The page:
A collaboration between a conservation project and Shrewsbury Museum and Art Gallery is unlocking the secrets of the River Severn past and present. In a new exhibition visitors can gain an insight into the underwater world hidden beneath the river’s surface and be introduced to an endangered fish – the twaite shad – that historically undertook an epic annual River Severn migration.
In addition, a fascinating haul of artefacts and artworks fished from the Shropshire Museums’ archives adds a unique historical perspective. These items focus on the River Severn at Shrewsbury, and how local people’s relationship with the county’s most important river has changed and developed over the years.
The exhibition is suitable for families and accessible for disabled visitors and has been created by Unlocking the Severn – a conservation and river engagement project. Alongside the story of current efforts to restore the fortunes of migratory fish, a carefully curated selection of items relating to the River Severn will be on display from Shropshire Museums’ own collections. The unique combination of modern exhibition materials and archive elements will enhance visitor’s perspective on the relationship between the people and wildlife of the River Severn.
If you have an interest in nature, fish, or the River Severn more generally, this is an opportunity to stop and think about the wildlife under the water and the nature of human impact on the river habitat both past and present. Graphic panels and commissioned film and animation tell the shad fish’s story and describe their annual migration up the River Severn in search of freshwater spawning grounds. Visitors can also enjoy historic paintings of the river around Shrewsbury, a landscape has inspired many artists over the ages. These diverse images provide insight into how the river has been part of local people’s lives.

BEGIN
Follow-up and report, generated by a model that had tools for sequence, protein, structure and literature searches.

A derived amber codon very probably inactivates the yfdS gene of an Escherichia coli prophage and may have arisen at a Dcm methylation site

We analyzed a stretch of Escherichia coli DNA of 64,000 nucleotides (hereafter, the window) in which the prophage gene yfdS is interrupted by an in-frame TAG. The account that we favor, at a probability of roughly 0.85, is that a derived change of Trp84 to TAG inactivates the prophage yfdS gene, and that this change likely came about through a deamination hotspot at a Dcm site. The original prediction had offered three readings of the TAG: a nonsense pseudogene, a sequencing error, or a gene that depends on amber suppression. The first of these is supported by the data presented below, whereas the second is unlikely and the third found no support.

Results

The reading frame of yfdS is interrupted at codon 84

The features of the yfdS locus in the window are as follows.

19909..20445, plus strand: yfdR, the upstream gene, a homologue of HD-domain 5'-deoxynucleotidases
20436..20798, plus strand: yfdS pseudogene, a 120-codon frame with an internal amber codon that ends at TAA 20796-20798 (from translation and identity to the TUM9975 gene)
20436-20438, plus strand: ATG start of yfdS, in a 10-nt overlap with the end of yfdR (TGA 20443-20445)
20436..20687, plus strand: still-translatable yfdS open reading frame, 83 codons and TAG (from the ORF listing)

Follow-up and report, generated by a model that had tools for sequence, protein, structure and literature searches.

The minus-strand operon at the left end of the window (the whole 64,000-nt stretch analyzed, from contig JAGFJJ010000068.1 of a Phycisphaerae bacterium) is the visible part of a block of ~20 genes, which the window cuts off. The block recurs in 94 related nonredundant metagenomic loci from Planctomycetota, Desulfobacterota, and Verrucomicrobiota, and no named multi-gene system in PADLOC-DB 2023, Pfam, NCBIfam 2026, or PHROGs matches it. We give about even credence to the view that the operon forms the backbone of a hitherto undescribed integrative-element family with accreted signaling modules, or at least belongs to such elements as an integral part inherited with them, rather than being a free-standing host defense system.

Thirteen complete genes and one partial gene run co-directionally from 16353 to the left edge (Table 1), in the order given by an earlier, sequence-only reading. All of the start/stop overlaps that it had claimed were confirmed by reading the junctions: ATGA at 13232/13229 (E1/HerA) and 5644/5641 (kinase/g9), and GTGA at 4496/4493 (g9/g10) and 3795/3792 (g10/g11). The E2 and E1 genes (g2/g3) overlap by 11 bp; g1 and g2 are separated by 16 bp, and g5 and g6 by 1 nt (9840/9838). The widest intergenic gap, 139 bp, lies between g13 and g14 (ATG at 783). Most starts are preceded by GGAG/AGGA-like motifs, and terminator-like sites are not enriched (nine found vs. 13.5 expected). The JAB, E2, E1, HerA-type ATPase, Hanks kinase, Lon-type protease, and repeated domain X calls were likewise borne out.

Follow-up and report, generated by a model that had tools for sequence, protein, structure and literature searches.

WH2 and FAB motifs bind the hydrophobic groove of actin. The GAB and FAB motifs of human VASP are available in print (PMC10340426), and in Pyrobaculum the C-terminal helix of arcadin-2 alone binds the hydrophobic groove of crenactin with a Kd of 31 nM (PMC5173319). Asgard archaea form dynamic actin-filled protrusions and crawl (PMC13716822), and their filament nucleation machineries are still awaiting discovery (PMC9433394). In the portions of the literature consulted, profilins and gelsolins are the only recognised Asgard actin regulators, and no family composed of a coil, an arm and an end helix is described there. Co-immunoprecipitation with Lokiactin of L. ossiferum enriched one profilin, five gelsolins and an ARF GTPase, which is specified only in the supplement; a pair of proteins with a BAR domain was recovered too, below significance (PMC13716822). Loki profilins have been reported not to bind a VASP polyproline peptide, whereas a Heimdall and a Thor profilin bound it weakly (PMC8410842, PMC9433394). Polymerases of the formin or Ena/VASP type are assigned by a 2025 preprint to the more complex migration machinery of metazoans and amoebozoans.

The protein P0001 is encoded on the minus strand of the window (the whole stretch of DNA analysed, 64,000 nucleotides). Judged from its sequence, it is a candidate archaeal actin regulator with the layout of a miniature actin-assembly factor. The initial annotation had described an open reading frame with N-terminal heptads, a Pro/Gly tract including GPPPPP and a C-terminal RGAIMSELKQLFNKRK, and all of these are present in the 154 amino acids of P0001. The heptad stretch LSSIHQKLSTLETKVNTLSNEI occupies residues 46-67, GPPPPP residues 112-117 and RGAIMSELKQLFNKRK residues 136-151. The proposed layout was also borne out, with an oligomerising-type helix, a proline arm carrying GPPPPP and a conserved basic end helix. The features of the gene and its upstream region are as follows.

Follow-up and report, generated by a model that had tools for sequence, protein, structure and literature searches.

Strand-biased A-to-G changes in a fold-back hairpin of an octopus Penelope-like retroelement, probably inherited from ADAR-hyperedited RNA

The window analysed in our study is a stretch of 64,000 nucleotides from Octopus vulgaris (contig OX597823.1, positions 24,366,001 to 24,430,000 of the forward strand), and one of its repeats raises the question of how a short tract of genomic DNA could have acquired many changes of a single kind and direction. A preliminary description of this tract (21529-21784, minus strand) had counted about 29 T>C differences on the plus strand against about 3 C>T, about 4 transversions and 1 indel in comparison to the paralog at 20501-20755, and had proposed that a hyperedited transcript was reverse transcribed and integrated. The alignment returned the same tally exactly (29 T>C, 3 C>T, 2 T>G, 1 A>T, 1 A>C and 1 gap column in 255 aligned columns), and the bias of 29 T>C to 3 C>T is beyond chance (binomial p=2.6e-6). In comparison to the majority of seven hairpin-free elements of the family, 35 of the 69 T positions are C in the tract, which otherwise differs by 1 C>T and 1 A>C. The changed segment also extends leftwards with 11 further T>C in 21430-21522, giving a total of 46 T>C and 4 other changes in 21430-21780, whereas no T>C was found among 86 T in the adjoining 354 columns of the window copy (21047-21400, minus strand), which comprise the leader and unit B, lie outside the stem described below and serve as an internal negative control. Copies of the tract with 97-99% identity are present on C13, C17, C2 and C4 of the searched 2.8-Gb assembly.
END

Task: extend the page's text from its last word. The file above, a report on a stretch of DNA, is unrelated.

Shropshire Museums’ collections also reflect the natural history of the county and hold specimens which reveal the changing biodiversity of the riverine landscape. Other items on display provide tangible insights into the changes in working life as the river, once a key conduit for industry in the region, became a focus for leisure pursuits and an important haven for wildlife.
Alex Ball, Senior Project Manager said, “We hope this exhibition will provide a chance to change people’s perspective, viewing this powerful river through the eyes of a small fish, swimming up from the sea, trying to get past large weirs to reach good spawning habitats. We hope visitors will be inspired to plan a visit to the new underwater viewing window at Worcester’s new fish pass when it opens later this year.”
Sarah Skelton, Curator of Shropshire Museums added, “As we were selecting and choosing objects to support the Unlocking the Severn exhibition, it struck me that the artworks in our collections really reflect the changes to the river ecosystem. Through our paintings we can see how human activity has shaped and changed the river over the centuries. In the context of an important conservation project, we can also consider our place in history and what the impact of our current behaviour will be on future generations’ relationship to the River Severn and its wildlife.”
Unlocking the Severn is a conservation and river engagement project led by Canal & River Trust, and partners the Severn Rivers Trust, the Environment Agency and Natural England. It is funded by the National Lottery Heritage Fund and the European Union LIFE Nature Programme.
The Unlocking the Severn Exhibition will be open at Shrewsbury Museum and Art Gallery 10am to 4pm everyday until Tuesday 31st August 2021. Entry is free but, as numbers are limited, visitors are recommended to book online at www.ticketsource.co.uk/shrewsburymuseum.
CAPTION: Part of the exhibition at Shrewsbury Museum and Art Gallery.